Jobs in the Greenhouse
It’s not too late to clean, tidy and do any necessary repairs if you haven’t done so already. Install a water butt by the greenhouse to collect rain water. Rain water is far better for your garden than tap water.
Plant up hanging baskets and pots with small plug plants and keep in the greenhouse for them to become established and strong before placing them outdoors. Beautiful Hanging Baskets
Prick out indoor grown seedlings into individual small pots.
Continue mowing lawns on a regular basis, remember to do the edges too for a neat and tidy finish. Re-seed any bare patches. Aireate any compacted areas. Cordless Mowers are Environmentally Friendly
Alternatively, allow an area of grassland to grow wild with added wildflowers to encourage wildlife and to benefit the environment.
A wildflower meadow is a lot less maintenance than a perfectly manicured lawn and in my humble opinion, more attractive.
Weed Paths and Patios
Weeds unfortunately grow whatever the time of year or whichever weather conditions we get so do continue to weed borders in order that your plants don’t have to fight for nutrients and water.
Keep pathways, driveways and patios clear of weeds with the aid of an Electric Weed Burner
Move Evergreen Shrubs
Spring is the ideal time for moving any shrubs or trees that you have ascertained are in the wrong place, be it for ease of maintenance, potential damage to property because of their eventual size or you simply think they will be better off elsewhere.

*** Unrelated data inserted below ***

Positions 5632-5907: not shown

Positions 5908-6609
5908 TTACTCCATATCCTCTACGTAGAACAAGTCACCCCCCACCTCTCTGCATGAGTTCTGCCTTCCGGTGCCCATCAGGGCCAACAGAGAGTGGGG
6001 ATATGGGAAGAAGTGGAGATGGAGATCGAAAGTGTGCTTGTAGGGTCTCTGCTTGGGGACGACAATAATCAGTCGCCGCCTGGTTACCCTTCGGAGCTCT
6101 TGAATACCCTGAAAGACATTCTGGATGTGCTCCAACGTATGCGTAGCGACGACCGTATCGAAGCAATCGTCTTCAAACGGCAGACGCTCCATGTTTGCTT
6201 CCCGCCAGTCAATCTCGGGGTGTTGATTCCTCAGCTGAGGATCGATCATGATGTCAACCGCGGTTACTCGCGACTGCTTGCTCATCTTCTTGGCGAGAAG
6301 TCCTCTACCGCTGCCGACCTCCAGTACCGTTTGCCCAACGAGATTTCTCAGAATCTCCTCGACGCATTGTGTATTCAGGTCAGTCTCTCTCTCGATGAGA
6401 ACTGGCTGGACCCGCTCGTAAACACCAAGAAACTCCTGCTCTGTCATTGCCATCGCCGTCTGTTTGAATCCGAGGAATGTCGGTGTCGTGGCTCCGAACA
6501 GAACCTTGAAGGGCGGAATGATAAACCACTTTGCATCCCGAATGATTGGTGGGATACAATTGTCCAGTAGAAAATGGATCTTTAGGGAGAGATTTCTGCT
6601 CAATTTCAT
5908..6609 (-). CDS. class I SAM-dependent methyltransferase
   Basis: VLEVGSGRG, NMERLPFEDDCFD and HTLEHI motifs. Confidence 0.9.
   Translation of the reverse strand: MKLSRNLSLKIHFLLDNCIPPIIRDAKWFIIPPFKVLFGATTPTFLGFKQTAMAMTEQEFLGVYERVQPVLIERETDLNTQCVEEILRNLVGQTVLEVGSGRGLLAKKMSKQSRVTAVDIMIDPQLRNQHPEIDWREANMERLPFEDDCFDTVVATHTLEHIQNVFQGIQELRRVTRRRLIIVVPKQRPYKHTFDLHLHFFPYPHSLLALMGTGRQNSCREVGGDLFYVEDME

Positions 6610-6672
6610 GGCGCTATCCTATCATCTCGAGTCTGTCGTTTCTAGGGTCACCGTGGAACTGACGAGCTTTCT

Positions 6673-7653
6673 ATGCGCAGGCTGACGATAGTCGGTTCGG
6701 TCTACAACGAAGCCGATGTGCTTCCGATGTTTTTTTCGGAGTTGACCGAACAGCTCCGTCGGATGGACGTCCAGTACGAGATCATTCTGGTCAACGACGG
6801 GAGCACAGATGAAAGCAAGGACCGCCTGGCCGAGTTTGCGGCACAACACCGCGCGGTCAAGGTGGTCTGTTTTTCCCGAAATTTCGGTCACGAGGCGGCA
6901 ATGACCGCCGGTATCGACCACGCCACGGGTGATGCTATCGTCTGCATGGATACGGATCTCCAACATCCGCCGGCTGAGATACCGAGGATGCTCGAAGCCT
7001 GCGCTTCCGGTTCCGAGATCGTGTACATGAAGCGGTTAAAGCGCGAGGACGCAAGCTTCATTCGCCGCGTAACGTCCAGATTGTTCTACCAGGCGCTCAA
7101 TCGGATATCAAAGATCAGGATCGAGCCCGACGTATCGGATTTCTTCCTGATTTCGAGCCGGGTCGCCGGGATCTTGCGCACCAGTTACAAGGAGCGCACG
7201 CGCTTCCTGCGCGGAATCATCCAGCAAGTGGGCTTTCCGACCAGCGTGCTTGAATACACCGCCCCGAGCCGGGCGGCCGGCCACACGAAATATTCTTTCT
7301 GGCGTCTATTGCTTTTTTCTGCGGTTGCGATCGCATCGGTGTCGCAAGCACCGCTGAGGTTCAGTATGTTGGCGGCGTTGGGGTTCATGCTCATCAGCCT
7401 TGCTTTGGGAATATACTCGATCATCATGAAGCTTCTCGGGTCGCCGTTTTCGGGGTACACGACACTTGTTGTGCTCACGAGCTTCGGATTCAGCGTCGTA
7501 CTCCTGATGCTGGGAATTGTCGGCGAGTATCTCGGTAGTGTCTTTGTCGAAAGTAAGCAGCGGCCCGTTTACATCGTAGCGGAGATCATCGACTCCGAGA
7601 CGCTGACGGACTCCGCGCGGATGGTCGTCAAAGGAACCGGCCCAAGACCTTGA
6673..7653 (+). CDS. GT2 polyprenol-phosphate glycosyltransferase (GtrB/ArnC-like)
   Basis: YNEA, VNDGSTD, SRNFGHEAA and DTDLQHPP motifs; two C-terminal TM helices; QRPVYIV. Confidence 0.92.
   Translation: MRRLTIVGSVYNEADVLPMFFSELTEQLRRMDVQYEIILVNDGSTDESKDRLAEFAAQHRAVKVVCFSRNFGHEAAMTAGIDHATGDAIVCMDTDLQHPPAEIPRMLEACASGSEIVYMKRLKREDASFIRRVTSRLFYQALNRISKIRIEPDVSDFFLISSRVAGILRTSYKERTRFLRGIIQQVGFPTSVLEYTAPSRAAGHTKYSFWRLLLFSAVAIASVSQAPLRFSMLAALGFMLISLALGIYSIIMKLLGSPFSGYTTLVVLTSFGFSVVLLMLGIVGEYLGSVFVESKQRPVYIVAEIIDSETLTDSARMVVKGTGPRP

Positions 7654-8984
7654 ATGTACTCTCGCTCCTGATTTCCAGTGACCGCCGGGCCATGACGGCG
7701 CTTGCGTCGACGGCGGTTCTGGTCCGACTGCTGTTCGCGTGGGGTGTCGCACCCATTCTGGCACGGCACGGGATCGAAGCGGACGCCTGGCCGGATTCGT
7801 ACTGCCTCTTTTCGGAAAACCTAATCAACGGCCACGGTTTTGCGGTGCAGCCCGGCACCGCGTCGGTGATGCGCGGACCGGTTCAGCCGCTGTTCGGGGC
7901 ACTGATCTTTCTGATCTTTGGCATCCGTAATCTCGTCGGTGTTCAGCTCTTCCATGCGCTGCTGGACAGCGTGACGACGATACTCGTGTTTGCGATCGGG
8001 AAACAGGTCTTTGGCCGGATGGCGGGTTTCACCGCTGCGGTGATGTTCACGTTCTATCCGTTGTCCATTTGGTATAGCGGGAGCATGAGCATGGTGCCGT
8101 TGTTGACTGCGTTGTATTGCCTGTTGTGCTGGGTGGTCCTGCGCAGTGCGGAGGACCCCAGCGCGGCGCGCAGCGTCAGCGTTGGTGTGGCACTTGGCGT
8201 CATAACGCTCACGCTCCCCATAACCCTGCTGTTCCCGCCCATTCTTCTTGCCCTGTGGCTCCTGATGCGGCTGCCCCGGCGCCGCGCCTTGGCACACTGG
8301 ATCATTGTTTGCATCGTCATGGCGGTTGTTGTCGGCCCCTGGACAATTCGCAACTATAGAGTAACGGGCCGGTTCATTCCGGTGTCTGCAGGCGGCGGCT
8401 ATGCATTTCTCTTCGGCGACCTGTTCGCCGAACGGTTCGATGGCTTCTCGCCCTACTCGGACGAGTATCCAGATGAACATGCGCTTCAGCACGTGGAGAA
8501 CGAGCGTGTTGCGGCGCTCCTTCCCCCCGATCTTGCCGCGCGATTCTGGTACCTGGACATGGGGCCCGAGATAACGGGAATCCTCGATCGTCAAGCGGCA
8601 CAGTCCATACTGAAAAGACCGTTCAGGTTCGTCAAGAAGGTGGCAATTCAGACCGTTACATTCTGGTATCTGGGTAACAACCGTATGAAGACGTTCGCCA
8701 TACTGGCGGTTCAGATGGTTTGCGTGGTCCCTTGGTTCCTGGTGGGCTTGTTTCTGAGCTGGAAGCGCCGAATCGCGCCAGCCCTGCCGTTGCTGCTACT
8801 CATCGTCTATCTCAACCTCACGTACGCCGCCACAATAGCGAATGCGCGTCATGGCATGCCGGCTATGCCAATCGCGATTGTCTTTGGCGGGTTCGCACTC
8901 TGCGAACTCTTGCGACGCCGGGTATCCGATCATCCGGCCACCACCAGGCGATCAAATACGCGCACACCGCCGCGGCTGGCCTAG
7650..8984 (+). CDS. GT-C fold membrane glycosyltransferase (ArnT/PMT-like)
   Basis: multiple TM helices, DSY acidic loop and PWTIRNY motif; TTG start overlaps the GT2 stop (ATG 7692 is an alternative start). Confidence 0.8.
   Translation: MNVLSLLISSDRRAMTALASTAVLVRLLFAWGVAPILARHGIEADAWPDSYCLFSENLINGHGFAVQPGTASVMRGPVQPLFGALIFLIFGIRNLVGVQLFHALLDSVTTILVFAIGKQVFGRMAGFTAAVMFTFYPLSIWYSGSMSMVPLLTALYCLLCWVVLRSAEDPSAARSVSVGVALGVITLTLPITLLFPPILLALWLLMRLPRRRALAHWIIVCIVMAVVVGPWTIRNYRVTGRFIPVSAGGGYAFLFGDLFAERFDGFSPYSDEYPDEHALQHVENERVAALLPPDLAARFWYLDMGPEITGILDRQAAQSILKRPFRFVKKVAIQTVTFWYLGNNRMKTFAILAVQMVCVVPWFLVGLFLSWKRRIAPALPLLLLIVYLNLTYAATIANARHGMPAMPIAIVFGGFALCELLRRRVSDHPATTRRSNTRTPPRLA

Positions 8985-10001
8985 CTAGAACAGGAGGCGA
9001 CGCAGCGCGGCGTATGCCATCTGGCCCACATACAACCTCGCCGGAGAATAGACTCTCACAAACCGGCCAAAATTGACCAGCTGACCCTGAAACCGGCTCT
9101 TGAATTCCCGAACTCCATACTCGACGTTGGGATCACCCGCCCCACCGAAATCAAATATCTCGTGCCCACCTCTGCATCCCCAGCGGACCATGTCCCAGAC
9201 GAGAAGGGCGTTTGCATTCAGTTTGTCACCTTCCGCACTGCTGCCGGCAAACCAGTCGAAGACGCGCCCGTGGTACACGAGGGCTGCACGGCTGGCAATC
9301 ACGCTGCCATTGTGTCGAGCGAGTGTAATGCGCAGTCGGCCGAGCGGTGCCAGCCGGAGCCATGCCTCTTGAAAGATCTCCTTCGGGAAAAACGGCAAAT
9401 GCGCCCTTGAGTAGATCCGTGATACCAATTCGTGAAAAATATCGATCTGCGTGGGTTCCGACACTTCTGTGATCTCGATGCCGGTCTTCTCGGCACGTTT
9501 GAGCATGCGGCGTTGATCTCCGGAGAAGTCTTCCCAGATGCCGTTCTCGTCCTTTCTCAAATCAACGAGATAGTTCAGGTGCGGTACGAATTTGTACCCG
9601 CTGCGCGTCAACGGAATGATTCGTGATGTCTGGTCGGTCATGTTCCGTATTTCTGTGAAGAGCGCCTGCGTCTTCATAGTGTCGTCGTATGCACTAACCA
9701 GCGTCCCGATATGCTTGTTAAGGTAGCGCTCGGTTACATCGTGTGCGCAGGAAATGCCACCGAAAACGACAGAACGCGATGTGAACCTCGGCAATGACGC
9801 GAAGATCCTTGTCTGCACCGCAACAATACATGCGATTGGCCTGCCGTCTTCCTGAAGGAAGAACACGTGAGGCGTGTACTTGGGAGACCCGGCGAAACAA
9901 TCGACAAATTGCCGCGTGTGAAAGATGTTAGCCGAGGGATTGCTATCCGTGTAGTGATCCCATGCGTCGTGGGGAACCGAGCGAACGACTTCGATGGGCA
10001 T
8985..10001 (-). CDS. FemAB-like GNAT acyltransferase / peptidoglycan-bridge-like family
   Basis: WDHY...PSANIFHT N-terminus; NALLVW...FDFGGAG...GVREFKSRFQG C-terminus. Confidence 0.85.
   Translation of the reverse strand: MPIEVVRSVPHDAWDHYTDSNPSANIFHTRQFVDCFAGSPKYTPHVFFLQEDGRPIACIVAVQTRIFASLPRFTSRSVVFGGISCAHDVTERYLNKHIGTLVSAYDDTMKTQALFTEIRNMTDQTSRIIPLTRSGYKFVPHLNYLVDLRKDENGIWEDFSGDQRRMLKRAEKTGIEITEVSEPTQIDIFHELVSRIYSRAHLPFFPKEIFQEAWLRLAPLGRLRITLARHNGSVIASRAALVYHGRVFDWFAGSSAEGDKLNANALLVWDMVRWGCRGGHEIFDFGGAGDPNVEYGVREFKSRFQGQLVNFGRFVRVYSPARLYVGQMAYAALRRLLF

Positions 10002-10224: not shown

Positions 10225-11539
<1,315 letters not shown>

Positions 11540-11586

Prepare the new planting area first.
When digging out the shrub/tree do so carefully to minimise damage and take as much of the root ball as you can possibly manage.
Water well once you have planted it in its new home.
Protect blossom on fruit trees against frost, any frost damage can result in the loss of fruit.
Small trees can be covered with fleece, using canes to keep it of the buds, remove during the day to allow pollination.
Plants in pots are easily protected by moving them to a sheltered spot through winter.
Cover cordoned and espalier trees on fences or walls with fleece or shade netting, as with trees, remove it during the day to allow pollinators to do their job.
Cover strawberries with cloches or fleece and remove during the day.
Feed and mulch.
Feed and top dress container grown fruit.
Sow hardy annuals, herbs and wildflower mixes outdoors.
Sunflowers can be sown indoors in trays or modules or sown directly into the garden borders.
Flowers that you can sow now indoors in trays or modules are
Harden off indoor grown annuals.
Vegetable seeds to sow indoors
Veg seeds to plant directly outdoors are
- radish, salads, onions, spinach, kale
- beetroot, broad beans, broccoli
- brussels sprouts
- carrots and potatoes after the risk of frost
Runner beans and French beans can be sown at the end of the month and into May
Yes –April is a busy month, it’s a time of growth, of great expectations and anticipation. There will be some disappointments too I’ll warrant, but Oh Boy it’s good to be out in the garden early morning when the sun is just coming up, the air is chilly and the birds are entertaining us with their dawn chorus.
Winter has passed on and we gardeners can breathe in fresh air and delight in being back outdoors watching everything come back to life.